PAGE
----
Savings of approximately €424 million proposed for the health services this year

Bernard Gloster
Bernard Gloster

Substantial savings of approximately €424 million in the health services in 2024 (€554 million full year saving), have been proposed by The Productivity and Savings Taskforce, jointly chaired by the Secretary General of the Department of Health, Robert Watt and the CEO of the HSE, Bernard Gloster.

These include medicines expenditure, non-pay costs, procurement costs, the cost of care in long term residential care for older people, and management consultancy costs.

The Taskforce, which was established by the Minister in January 2024, says The Action Plan “sets out an ambitious and realistic programme of savings targets aimed at minimising the level of financial risk the HSE is facing in 2024; and a range of productivity measures that aim to maximise access to health services for patients.”

The Action Plan is intended to be a ‘living document’ and will be added to and amended during the year.

The Taskforce says these savings are intended to reduce the extent of the financial risk facing the health sector in 2024. They are balanced, however, with the fundamental need to deliver safe and quality care and services to patients.

The savings and productivity targets will generally be devolved to regional leads and will be reported on regularly via the Taskforce to the Minster. The Productivity and Savings Taskforce will continue to meet regularly and will provide monthly updates and progress against targets to the Minister for Health.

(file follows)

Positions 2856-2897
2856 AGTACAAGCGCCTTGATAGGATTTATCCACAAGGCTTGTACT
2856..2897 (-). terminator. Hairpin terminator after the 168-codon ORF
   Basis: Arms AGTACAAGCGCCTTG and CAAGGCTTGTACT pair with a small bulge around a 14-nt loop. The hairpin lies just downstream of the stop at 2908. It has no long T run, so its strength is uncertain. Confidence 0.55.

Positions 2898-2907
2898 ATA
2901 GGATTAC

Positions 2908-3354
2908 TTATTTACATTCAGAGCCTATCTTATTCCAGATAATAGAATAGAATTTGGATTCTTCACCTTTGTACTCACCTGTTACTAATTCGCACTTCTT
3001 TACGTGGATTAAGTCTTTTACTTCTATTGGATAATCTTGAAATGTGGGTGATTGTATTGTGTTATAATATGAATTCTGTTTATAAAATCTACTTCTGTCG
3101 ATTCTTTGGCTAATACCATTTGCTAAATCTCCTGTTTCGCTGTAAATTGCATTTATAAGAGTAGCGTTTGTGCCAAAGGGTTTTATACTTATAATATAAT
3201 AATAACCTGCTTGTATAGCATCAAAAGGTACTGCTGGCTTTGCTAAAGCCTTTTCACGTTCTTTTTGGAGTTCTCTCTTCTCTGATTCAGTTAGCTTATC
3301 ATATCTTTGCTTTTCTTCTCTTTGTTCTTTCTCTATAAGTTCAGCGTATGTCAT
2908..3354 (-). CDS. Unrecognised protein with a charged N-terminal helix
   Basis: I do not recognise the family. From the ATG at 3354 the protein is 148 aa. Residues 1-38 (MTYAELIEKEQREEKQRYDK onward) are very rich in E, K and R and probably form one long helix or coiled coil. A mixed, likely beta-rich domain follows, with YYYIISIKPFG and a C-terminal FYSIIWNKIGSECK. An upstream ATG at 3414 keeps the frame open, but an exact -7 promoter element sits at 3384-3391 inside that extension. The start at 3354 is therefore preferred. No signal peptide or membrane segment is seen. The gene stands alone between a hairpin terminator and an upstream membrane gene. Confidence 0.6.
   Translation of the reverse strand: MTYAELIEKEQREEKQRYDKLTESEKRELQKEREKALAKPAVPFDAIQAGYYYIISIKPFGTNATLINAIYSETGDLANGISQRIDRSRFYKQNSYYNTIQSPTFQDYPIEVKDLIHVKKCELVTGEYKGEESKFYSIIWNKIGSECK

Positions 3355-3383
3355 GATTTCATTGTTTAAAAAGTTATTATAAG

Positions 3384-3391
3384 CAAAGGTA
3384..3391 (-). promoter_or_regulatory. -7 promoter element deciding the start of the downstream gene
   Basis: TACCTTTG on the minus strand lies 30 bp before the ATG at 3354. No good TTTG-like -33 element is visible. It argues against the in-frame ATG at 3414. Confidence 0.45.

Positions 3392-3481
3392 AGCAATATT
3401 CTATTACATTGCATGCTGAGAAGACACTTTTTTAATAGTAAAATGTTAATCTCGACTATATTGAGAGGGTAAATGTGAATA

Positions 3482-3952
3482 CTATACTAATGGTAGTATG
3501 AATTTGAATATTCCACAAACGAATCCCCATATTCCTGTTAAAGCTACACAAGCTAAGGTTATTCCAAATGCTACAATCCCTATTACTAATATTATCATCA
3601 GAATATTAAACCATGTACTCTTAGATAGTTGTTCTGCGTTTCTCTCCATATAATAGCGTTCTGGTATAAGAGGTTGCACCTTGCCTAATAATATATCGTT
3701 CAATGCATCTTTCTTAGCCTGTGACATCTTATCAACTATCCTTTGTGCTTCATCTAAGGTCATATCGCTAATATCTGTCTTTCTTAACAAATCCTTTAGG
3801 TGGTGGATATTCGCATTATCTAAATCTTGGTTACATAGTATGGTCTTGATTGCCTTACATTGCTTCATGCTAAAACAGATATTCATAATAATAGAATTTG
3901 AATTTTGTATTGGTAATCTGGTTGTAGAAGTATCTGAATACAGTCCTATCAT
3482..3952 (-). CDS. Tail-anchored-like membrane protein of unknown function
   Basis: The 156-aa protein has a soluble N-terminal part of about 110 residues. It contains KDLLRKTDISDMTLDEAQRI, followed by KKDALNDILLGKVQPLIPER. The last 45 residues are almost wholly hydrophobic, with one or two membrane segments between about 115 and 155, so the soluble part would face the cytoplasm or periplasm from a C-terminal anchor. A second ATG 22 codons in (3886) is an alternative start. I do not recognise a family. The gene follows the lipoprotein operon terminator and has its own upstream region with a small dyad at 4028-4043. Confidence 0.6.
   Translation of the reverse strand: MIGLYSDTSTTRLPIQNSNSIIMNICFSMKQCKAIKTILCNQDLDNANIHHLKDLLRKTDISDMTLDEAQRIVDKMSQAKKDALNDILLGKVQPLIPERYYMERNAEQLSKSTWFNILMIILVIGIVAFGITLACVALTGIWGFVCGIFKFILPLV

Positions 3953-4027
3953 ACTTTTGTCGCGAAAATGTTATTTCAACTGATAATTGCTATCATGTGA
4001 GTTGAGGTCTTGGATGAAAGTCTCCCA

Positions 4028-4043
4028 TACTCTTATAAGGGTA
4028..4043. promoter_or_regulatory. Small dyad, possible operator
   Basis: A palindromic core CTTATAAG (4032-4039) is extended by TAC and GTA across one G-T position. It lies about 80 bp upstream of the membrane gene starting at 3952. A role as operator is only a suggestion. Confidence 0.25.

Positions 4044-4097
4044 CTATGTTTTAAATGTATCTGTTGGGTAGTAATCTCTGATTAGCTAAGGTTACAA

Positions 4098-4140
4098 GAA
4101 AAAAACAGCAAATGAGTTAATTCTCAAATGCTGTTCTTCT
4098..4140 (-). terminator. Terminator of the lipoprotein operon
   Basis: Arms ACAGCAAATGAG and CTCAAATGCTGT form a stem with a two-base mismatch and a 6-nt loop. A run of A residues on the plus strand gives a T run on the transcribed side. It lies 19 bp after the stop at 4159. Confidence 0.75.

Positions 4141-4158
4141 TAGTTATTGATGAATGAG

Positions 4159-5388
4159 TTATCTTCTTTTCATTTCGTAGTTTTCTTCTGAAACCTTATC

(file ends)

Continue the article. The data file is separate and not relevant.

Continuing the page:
A new team is being established in the HSE, reporting directly to the CEO, and supported by external expertise in international healthcare savings and productivity to aid the work of the Productivity Taskforce.

The report says the Taskforce has established that there is clear potential for the HSE and Department of Health to strengthen productivity across the health service, particularly in our hospitals.

“This is evident in the accompanying report which is also being published today by the Minister for Health, Stephen Donnelly TD – “An Examination of Trends in Activity, Expenditure and Workforce in Publicly Funded Acute Hospitals in Ireland”. 

“This report was prepared after extensive data was requested by the Minister on performance and productivity across the health service and provides a base line against which to measure future productivity improvements.

”he report shows how activity in hospitals has responded to increased funding and increases in workforce and capacity between 2016 and 2022. The paper will facilitate the work of the Productivity Taskforce to identify where, and how, productivity can be improved within the health service.

Commenting on the publication, Minister for Health, Stephen Donnelly said, “To meet the needs of a growing and ageing population, we know we will need to treat more patients in our hospitals and in community settings. As Minister, I want to deliver increased funding to help provide improved care and better access to patients. In 2023 we saw outpatient activity rise 6%, Day Cases 7% and Inpatient activity rise 6%. Our health outcomes are improving all the time and our waiting lists have decreased for the last two years in a row. More importantly, the number of patients exceeding the 10/12 week Sláintecare wait time targets has decreased substantially since the pandemic peak (170,0000) and by a significant 11% in 2023.  This is very positive, and we will work hard to deliver another reduction in waiting times in 2024.